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I have a jQuery element but I have to send it to a function that only accepts HTML elements. How can I convert the jQuery element to an HTML element?

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    You don't really convert it. You just fetch it from the jQuery object by its numeric index. – user113716 Aug 18 '11 at 23:03
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Try myJQueryElement.get(0) or myJQueryElement[0]. (get() is most useful when you need negative indices, for example, as described in the documentation for get().)

  • warning: get(0) will not return the inner elements – Francois Aug 10 '17 at 15:39
  • > negative index - A negative index is counted from the end of the matched set, so this example returns the last item in the list. For ex.$('div').get(0); will return the last div element. – Akash Jun 8 '18 at 2:13
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$("#foo")[0] will get you an HTML element. Using brackets is a tiny bit faster than using .get() but not something you'll likely notice unless you are doing it millions of times.

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    And not even then! If you run it 10 million times, brackets will take 150 seconds, get will take 170 seconds. I bet you cannot notice without sitting there counting "1-Mississippi, 2-Mississippi..." Mississippilessly, it's impossible to tell the difference. Do whichever way you feel is more readable. (BTW, I'm only posting this comment because it gives me the change to use the word "Mississippilessly" in a sentence. If anyone wants to discuss the future of the Anglican Church with me, I'm dying to use "antidisestablishmentarianistically".) – Malvolio Aug 18 '11 at 23:14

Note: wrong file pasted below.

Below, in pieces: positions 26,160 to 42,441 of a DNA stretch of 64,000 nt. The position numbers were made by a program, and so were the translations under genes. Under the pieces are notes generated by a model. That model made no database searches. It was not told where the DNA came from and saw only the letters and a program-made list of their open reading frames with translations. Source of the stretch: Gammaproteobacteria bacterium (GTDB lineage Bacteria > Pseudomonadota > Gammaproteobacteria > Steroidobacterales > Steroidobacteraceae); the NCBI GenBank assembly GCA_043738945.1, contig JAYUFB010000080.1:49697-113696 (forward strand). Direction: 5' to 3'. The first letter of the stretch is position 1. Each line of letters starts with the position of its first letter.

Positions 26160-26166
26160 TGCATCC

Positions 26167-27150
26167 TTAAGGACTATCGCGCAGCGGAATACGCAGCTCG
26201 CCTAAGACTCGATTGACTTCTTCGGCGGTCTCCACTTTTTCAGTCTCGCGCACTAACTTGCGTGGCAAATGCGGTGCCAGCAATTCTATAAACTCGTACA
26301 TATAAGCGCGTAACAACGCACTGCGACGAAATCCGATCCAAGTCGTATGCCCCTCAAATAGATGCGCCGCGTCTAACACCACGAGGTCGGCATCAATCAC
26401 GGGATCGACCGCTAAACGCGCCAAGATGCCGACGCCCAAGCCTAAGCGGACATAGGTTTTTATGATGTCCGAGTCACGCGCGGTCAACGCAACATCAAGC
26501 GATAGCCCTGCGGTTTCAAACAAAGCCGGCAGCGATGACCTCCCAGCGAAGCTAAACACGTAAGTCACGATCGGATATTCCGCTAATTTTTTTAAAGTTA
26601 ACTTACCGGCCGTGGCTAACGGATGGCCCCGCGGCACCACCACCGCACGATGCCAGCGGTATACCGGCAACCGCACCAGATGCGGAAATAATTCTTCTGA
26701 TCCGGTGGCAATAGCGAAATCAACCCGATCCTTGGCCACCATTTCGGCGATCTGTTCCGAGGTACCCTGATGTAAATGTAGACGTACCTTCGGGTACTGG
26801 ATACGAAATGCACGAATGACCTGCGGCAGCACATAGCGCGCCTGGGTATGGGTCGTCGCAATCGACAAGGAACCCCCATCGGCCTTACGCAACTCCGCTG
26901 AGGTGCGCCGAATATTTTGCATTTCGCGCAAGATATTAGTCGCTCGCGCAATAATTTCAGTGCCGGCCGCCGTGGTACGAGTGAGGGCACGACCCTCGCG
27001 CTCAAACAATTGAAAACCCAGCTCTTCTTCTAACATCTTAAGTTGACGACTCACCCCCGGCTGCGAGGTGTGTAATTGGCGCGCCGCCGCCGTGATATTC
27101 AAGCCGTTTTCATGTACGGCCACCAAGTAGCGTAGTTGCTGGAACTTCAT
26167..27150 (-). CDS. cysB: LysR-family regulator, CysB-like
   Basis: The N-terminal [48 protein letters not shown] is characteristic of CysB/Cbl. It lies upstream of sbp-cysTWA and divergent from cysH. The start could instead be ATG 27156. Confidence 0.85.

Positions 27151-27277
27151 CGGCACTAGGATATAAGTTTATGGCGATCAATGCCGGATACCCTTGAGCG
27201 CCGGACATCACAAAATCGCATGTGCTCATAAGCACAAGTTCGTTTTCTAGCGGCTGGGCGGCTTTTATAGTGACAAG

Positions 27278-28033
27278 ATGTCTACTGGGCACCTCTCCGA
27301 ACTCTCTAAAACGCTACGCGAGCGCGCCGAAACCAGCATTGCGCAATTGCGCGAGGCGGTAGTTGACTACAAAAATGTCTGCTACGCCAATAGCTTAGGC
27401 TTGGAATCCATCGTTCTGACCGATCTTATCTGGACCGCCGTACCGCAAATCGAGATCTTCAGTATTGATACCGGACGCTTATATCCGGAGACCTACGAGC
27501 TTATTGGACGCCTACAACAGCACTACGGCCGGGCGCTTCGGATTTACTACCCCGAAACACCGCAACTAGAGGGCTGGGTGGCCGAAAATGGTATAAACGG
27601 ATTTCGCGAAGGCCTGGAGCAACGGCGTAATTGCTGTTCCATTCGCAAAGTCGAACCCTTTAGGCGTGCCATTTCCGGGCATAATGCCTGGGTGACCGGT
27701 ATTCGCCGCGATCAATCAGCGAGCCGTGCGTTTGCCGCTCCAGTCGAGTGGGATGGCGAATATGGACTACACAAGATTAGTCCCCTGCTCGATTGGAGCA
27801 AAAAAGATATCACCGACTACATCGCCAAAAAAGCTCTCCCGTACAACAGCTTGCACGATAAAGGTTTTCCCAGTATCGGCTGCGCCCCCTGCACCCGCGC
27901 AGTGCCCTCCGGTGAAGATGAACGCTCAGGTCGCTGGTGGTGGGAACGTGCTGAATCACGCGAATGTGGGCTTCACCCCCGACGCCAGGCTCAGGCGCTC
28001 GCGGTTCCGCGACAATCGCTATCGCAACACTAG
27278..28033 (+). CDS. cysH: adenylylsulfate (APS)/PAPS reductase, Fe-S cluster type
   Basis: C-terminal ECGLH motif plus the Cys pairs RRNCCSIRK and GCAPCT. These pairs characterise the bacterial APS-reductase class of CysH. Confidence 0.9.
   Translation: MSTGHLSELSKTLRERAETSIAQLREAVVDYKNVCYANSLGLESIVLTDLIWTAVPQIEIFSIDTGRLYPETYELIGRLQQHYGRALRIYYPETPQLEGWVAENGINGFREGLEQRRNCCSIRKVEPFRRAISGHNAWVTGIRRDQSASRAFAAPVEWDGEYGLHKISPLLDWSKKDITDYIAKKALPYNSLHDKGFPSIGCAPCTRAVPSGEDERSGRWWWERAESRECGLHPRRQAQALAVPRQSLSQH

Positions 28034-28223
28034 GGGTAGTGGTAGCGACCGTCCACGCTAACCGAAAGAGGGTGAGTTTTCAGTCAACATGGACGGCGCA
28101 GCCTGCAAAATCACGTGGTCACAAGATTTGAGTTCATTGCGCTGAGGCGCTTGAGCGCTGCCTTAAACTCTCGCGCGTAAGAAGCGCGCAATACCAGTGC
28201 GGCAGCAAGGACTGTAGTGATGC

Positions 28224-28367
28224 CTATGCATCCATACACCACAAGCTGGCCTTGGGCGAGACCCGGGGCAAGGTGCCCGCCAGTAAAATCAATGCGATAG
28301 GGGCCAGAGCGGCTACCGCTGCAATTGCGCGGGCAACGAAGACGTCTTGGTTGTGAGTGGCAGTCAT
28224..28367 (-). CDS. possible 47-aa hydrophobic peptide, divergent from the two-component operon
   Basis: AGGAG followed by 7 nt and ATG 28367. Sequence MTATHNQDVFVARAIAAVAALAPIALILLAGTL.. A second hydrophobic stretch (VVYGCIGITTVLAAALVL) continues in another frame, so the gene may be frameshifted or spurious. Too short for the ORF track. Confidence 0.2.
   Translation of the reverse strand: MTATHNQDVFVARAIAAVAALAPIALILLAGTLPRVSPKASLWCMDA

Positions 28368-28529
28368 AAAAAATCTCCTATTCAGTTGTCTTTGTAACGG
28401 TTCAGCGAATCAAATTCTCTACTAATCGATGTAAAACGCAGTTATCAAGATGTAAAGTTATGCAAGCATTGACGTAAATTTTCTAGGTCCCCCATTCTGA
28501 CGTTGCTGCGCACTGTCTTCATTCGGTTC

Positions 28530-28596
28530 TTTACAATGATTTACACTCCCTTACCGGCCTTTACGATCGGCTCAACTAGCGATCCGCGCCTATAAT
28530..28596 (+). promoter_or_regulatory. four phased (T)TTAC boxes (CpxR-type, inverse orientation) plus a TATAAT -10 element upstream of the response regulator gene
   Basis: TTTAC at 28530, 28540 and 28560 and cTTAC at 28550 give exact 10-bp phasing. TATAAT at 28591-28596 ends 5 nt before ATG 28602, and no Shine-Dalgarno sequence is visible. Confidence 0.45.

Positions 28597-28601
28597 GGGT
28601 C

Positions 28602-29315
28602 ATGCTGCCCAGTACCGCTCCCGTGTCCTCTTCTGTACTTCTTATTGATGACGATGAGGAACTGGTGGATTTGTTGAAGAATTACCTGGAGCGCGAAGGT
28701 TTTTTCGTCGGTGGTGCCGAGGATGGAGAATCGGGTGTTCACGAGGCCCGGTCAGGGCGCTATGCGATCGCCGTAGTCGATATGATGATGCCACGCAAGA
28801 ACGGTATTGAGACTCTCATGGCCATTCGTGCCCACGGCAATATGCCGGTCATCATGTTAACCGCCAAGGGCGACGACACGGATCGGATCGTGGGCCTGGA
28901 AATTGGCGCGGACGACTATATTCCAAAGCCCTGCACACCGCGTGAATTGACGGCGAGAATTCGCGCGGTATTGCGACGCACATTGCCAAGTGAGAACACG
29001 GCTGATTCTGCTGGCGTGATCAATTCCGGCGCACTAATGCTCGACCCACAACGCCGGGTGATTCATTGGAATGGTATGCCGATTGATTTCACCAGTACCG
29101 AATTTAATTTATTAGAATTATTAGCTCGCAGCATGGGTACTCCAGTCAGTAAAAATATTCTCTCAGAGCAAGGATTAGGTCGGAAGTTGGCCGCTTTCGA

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    It's ironic that you espoused readability right after using Mississippilessly but you're right. get lets you either convert the jQuery object to an array of DOM objects by calling it without arguments, or get the _n_th from the end by providing a negative argument. Otherwise it's just a function that uses the brackets. – Dennis Aug 18 '11 at 23:25
  • omg. this issue has taken literally days from me. thanks for this answer ! – void May 7 '13 at 18:14

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